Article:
Get the mood right.
In addition to understanding the stories and traditions, it’s equally important to grasp the intention behind the holiday. “The Day of the Dead is a celebration, so instead of being gloomy, gray, or sad, the images must be cheerful, with lots of color,” Nicoli advises. “It’s a party! The dead, those who have left, return to visit us, and we receive them by offering up their favorite dishes and their most beloved possessions.”
3. Ilan Derech
Image by Ilan Derech. Gear: Sony A7Rii camera, Carl Zeiss Loxia lens. Settings: Focal length 50mm; exposure 1/500 sec; f2; ISO 50.
Ilan Derech: “I was in the middle of the Día de Muertos festival in Mexico City, running back and forth looking for interesting attendants. All of the Zocalo (main square of Mexico City’s downtown) echoed with laughter and voices from the performers and spectators, and the streets were paved with flowers.
“Suddenly, this man started walking towards me, dressed up in a blood-red suit with golden embroidered skulls and diamond details. He was screaming at the top of his lungs, drawing everyone’s attention. When I finally approached him and met his eyes, I pulled the camera in front of me. In a split second, my whole journey was summarized in one moment. The shot I had been looking for had been given to me.”
Think on your feet.
One thing many of these photographers stress is that the Day of the Dead can be full of surprises—so remember to embrace that sense of unpredictability. “Personally, I don’t like to plan out how I want the shots to be because, in a certain way, that limits my creative possibilities towards what can happen,” Derech explains. “My technique would be to sort of ‘go with the flow’ and improvise.”
Image by Ilan Derech
“A timeless shot is one which speaks to others so powerfully that they feel submerged in the moment,” Derech tells us. “For me, one of the secrets to a unique Día de Muertos shot is to never be afraid of being too close to your subject, since that’s the only way to observe the details and movements. In order to achieve that closeness, of course, you always have to be humble and respectful. Establish eye contact with your subject, and make it a collaboration between the two of you.”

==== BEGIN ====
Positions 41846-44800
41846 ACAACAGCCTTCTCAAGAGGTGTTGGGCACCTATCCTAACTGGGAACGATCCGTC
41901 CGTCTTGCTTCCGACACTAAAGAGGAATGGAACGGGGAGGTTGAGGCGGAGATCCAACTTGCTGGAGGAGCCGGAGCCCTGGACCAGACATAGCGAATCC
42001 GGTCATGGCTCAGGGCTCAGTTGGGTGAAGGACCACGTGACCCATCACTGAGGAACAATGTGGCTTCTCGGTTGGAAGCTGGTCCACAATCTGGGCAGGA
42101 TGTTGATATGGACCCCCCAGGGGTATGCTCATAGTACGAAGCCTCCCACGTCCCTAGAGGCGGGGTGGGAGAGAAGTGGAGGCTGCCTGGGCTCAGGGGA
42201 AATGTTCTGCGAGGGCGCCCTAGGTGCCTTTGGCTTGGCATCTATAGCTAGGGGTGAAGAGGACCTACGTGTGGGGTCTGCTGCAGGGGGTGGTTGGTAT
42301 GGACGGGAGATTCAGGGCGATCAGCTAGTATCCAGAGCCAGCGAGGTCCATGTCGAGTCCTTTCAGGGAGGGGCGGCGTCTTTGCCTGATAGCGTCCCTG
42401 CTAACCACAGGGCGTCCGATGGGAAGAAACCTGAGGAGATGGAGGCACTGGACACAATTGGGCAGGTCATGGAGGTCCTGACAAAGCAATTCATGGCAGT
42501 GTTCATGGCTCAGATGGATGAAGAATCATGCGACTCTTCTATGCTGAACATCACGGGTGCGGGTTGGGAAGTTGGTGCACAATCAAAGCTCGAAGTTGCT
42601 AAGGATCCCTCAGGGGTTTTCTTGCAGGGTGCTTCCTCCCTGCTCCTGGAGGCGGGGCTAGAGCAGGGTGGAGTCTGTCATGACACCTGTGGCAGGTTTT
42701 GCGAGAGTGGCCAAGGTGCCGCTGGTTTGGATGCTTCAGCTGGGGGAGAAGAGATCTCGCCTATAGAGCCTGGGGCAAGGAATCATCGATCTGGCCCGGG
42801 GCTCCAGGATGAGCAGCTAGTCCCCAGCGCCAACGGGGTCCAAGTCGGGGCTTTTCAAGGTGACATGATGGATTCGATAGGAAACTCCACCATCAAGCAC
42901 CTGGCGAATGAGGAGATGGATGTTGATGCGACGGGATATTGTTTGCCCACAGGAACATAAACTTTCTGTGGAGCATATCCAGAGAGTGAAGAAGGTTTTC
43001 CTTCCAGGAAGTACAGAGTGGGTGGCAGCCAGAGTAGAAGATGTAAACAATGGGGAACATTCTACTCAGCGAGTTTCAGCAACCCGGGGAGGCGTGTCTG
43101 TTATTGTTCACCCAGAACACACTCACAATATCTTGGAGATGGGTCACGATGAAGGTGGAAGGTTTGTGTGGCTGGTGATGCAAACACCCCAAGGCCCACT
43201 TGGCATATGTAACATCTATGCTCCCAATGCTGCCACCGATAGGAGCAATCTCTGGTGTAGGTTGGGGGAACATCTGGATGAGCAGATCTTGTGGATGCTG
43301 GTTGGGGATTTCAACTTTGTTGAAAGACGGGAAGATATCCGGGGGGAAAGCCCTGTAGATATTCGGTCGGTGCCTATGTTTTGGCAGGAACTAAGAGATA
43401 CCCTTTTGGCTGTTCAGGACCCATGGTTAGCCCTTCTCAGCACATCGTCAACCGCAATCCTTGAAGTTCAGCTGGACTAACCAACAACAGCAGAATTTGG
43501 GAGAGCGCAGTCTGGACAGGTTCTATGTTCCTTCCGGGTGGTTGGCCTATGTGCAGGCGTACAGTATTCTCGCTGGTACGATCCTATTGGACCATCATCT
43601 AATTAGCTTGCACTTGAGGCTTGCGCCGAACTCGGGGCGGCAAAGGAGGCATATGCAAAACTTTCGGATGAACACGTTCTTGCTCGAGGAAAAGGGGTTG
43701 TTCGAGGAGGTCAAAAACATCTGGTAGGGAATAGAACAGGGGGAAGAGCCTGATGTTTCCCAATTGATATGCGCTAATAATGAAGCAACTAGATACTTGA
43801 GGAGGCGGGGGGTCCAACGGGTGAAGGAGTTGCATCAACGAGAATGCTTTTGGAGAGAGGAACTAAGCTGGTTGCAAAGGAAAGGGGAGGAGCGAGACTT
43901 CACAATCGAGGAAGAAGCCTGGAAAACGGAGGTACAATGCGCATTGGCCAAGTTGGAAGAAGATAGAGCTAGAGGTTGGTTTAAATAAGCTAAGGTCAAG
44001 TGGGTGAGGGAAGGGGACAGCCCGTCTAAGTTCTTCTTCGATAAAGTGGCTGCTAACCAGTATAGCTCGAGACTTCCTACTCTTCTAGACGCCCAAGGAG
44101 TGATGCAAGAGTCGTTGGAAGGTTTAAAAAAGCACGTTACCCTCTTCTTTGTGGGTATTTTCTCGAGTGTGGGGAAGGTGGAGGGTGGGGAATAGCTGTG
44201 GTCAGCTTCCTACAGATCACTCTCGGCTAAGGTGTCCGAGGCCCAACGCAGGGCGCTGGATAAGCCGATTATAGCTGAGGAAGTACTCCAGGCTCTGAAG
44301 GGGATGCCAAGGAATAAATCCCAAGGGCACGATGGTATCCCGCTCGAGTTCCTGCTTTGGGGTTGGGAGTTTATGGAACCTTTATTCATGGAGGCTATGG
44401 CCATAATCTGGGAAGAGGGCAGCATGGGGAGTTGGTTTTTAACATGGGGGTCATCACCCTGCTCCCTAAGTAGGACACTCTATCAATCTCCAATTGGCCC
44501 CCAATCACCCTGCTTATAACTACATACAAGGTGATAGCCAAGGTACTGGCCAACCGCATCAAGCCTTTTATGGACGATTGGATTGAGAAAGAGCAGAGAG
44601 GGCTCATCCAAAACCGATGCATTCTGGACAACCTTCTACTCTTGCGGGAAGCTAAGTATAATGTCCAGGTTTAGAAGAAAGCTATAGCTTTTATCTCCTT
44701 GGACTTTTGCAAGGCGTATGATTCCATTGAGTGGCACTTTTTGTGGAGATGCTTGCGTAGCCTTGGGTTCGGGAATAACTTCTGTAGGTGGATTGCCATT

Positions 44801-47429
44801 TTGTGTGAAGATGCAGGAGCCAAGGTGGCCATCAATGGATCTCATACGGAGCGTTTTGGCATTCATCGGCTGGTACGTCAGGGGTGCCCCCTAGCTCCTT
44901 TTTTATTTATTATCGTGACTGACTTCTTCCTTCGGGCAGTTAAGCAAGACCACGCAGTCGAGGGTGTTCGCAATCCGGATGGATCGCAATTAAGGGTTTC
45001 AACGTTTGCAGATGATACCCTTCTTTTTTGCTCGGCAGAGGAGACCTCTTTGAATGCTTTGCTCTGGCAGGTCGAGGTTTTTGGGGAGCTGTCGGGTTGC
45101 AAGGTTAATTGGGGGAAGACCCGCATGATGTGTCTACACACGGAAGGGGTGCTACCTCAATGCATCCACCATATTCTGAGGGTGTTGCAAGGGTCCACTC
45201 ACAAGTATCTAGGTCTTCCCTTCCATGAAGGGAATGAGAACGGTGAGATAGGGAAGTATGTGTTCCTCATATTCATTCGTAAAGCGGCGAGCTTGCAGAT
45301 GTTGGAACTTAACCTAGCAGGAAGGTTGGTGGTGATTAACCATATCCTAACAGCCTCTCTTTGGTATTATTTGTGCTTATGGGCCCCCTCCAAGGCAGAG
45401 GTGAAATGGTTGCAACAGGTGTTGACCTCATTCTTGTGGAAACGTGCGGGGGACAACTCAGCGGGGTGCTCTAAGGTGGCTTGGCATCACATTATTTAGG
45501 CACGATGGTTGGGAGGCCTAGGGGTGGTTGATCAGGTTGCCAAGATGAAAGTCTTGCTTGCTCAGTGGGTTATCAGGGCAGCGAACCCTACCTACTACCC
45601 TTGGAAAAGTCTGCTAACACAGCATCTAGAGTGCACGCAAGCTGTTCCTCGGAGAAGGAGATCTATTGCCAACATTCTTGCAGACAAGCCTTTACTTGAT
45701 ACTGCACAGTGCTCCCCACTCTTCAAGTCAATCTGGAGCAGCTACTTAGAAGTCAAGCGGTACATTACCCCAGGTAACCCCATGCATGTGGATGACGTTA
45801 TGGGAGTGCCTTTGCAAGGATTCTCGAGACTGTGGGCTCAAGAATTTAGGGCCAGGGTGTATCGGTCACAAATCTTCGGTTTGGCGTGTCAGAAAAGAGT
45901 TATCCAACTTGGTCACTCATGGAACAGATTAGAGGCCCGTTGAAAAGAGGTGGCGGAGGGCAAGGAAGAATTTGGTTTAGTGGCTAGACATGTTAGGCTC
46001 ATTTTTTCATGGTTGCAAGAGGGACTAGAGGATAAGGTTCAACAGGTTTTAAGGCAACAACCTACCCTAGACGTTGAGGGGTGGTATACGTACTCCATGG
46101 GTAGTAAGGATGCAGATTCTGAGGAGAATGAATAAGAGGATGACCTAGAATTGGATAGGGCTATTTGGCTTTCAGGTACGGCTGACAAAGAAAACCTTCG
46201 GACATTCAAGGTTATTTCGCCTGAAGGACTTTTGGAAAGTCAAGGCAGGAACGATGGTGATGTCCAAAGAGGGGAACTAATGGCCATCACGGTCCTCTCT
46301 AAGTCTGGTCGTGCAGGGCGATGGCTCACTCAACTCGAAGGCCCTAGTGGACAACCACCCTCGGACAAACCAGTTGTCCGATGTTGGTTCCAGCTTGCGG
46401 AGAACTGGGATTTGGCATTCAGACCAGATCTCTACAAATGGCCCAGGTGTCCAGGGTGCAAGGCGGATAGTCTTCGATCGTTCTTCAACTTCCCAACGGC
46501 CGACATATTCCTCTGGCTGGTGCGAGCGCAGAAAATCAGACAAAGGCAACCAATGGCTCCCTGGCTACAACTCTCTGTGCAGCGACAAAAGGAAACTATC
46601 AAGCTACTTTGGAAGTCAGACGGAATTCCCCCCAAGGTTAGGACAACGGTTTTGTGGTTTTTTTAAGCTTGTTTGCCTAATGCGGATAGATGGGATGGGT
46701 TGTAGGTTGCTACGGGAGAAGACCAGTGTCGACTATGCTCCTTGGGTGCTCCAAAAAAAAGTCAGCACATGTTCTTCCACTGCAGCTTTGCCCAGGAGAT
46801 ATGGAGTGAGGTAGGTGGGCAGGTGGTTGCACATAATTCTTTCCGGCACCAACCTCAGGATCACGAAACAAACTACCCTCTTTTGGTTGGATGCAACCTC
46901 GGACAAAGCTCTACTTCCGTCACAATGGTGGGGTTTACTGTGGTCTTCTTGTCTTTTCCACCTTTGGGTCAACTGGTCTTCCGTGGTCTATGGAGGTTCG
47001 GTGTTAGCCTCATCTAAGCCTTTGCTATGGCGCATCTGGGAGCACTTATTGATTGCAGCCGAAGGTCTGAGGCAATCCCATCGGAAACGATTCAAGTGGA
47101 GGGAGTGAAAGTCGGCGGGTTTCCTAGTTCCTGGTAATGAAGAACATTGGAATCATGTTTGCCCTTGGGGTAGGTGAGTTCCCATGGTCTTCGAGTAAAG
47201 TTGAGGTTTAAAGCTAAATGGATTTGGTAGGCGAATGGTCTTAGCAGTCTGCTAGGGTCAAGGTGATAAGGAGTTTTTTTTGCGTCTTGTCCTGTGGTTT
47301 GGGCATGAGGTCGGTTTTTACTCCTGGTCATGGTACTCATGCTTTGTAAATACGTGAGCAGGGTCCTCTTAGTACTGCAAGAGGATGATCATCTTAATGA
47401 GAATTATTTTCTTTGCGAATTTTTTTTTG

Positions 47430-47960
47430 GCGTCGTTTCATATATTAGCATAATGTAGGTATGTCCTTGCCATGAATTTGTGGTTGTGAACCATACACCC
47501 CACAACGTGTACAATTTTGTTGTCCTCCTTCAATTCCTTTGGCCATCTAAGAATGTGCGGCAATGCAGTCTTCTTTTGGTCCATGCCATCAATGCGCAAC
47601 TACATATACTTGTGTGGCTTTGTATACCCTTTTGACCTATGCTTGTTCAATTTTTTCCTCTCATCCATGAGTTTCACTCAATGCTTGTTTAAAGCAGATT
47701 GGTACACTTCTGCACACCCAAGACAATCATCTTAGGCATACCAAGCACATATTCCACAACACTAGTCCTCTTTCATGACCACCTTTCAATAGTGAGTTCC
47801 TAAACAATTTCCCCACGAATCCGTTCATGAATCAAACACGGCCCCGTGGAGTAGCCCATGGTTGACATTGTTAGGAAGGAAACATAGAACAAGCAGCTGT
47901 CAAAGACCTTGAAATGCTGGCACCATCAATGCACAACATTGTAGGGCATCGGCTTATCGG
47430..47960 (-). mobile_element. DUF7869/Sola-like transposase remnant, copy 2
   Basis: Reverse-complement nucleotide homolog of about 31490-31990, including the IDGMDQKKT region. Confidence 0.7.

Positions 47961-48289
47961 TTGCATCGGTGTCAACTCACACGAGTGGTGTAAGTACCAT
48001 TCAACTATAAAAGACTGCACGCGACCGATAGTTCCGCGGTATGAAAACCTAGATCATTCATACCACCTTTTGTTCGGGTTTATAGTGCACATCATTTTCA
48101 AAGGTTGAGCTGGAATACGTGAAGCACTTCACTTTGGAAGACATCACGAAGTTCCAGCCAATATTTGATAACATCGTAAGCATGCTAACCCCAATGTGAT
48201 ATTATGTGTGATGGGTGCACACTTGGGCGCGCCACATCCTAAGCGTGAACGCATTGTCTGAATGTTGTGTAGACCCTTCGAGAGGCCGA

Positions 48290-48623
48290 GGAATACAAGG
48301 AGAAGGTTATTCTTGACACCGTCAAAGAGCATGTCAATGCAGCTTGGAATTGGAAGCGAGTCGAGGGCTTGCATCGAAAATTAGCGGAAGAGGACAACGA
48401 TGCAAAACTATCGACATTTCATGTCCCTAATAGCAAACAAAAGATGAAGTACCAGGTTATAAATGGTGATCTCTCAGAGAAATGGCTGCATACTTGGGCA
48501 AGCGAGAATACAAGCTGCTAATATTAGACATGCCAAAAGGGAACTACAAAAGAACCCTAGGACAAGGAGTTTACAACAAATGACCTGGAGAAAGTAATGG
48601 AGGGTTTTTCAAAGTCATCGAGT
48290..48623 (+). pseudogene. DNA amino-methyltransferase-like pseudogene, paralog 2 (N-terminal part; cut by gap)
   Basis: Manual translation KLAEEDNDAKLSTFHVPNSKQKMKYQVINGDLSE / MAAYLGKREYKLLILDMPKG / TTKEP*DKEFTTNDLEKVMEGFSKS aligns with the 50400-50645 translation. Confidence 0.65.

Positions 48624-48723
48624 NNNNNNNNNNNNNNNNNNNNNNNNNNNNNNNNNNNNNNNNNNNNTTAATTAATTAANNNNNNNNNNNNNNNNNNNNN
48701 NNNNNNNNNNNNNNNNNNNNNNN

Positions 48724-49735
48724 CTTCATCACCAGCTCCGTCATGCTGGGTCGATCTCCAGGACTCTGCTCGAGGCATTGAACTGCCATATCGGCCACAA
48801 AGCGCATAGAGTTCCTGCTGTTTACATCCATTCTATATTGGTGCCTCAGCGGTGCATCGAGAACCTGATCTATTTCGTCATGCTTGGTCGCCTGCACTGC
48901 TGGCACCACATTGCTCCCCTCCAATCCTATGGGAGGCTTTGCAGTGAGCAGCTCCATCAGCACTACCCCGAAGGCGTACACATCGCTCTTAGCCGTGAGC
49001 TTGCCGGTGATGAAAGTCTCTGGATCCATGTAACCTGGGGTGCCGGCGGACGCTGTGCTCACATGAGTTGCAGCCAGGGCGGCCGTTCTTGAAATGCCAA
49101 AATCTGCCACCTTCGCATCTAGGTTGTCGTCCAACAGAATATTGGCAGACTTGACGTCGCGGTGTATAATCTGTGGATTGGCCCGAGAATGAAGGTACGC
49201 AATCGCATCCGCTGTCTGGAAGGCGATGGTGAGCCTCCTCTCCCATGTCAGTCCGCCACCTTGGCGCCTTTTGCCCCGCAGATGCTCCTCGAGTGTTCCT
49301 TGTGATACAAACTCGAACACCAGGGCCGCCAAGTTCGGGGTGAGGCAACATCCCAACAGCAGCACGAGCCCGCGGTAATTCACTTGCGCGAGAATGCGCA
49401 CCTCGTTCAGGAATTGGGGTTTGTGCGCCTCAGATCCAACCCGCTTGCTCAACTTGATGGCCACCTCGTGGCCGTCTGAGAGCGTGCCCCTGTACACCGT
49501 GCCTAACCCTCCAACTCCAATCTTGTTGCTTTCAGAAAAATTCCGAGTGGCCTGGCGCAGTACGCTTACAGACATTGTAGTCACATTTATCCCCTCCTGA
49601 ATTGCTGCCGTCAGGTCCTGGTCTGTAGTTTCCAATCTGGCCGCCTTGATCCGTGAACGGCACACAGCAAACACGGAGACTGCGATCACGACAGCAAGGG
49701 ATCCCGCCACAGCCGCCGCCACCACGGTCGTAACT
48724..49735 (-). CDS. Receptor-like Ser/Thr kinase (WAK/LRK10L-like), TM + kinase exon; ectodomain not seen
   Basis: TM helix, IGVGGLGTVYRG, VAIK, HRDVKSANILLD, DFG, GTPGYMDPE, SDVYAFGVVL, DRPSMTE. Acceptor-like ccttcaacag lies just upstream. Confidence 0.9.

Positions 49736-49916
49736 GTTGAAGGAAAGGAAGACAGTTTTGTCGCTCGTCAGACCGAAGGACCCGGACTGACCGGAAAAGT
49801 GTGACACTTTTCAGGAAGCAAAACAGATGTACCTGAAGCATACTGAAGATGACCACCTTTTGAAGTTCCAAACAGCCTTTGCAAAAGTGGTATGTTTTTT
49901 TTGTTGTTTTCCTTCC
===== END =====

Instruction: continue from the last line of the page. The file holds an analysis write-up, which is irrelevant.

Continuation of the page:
4. Stacy Arturogi
Image by Stacy Arturogi. Gear: Canon EOS 6D Mark II camera, 24-105mm f/4 IS II USM lens. Settings: Focal length 70mm; exposure 1/125 sec; f10; ISO 100.
Stacy Arturogi: “For this image, I worked with a makeup artist, and we used a mood board to conceptualize it. We talked about how significant the feast of Dia De Los Muertos is, and about how important it was that the whole body of the model was seen as a skeleton and not just the face. La Catrina has no human skin, so we had to apply makeup to the whole body.
“I wanted the picture to be a little bit scary, but at the same time, I was curious to understand what death had to say. The aim was to convey this duality—good and bad—so I used two lights at the back with colored gels, one red and one blue, to represent those contrasts. I used a couple more lights to fill in her face; however, it was important that the eyes were deep, so great care was taken to not illuminate them too much or give them too much ‘life.’”
Bring a tripod and a flash.
“I advise anyone photographing the Día de los Muertos to take a tripod with you to this holiday,” Stacy Arturogi tells us. “Since the climax of the event occurs at night, the only light in our frame comes from candles, which illuminate parts of the image and leave others in the shadow. Have a portable flash available too to fill in the light in the image.”
Image by Stacy Arturogi
“You need to have a lot of tact with the people you’ll be photographing,” Arturogi stresses. As she explains, it’s a religious and cultural event, and people are celebrating loved ones who have passed away. If someone doesn’t want their photo taken, respect their wishes. Put your humanity first before thinking about “getting the shot.”
Top Image by Ilan Derech.